Home Transit News Passenger Rail Amputee injured by subway says MTA ‘turned its back on safety’

Amputee injured by subway says MTA ‘turned its back on safety’

By Kathianne Boniello and Isabel Vincent


A Brazilian architectural student whose arm and leg were severed by a Brooklyn subway train is now seeking to shame the MTA into installing straphanger-saving barriers.

Transit officials know that in the past 15 years as many as 750 people have died on the tracks, and more than 1,000 have suffered catastrophic injuries, yet the officials “have turned their back on safety,” Luisa Harger, 21, bravely argues in a negligence lawsuit she filed last week.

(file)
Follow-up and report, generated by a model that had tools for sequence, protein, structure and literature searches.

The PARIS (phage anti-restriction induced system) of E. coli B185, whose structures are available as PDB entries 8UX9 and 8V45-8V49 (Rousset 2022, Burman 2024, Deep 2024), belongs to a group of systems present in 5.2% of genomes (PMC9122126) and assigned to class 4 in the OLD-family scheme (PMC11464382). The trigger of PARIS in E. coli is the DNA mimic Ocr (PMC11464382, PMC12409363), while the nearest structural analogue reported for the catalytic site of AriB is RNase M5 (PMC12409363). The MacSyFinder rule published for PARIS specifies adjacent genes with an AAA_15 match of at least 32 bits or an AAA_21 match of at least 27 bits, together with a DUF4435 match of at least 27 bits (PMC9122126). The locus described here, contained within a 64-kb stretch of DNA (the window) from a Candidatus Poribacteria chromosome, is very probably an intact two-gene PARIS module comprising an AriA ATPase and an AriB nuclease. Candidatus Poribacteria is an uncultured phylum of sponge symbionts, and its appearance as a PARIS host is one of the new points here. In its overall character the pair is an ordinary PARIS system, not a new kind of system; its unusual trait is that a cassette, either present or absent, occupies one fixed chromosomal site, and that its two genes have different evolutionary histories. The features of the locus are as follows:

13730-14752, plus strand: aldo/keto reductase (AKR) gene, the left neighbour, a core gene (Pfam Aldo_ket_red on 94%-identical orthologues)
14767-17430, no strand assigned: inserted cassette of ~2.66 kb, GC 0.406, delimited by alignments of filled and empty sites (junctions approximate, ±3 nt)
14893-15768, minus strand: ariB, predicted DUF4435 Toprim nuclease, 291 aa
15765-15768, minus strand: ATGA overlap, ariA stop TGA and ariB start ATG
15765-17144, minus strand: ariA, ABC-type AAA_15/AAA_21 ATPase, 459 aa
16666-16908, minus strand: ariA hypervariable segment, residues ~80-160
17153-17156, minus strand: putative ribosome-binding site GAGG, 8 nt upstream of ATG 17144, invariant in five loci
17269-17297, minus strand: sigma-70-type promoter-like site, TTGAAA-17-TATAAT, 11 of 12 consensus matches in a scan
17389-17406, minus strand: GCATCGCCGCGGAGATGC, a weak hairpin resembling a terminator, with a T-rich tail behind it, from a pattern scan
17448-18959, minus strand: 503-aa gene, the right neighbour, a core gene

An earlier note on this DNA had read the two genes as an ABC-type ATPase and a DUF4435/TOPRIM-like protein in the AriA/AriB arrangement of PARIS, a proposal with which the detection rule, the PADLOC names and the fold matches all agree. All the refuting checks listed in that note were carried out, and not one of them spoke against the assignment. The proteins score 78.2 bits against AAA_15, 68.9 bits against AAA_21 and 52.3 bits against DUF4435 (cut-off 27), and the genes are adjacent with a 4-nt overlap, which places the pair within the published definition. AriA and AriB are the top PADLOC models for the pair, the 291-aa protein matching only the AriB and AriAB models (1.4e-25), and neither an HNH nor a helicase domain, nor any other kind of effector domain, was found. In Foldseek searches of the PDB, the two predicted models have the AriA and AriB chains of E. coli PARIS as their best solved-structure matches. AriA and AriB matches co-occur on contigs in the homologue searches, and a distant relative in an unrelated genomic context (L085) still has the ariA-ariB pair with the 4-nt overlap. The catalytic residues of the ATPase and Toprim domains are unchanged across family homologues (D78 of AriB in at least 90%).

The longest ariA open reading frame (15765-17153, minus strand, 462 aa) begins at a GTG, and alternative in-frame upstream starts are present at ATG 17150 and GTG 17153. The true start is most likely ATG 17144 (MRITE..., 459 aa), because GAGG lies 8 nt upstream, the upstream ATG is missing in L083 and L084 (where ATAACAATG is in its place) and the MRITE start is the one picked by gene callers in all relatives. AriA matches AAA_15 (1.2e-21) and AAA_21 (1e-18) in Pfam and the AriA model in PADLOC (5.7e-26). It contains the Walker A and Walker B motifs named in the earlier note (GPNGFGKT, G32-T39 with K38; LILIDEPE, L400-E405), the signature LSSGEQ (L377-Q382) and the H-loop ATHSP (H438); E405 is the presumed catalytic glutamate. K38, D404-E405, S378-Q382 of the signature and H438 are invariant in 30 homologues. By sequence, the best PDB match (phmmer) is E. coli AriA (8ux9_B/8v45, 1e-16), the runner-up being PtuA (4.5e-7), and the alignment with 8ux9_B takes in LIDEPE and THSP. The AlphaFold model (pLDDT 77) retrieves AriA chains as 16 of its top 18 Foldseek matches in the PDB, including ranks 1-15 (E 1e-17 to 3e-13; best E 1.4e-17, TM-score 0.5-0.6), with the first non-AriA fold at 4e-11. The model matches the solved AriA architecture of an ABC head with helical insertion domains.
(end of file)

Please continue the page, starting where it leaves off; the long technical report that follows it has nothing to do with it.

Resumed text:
Unwilling to install barriers and other safety structures on subway platforms, New York City Transit and the MTA must “take responsibility for the horrific trail of dead bodies and ruined lives,” Harger says.

Roughly 50 people a year are fatally struck by trains.

But the system is so sprawling that it could take $1 billion to install barriers, according to a 2013 estimate.

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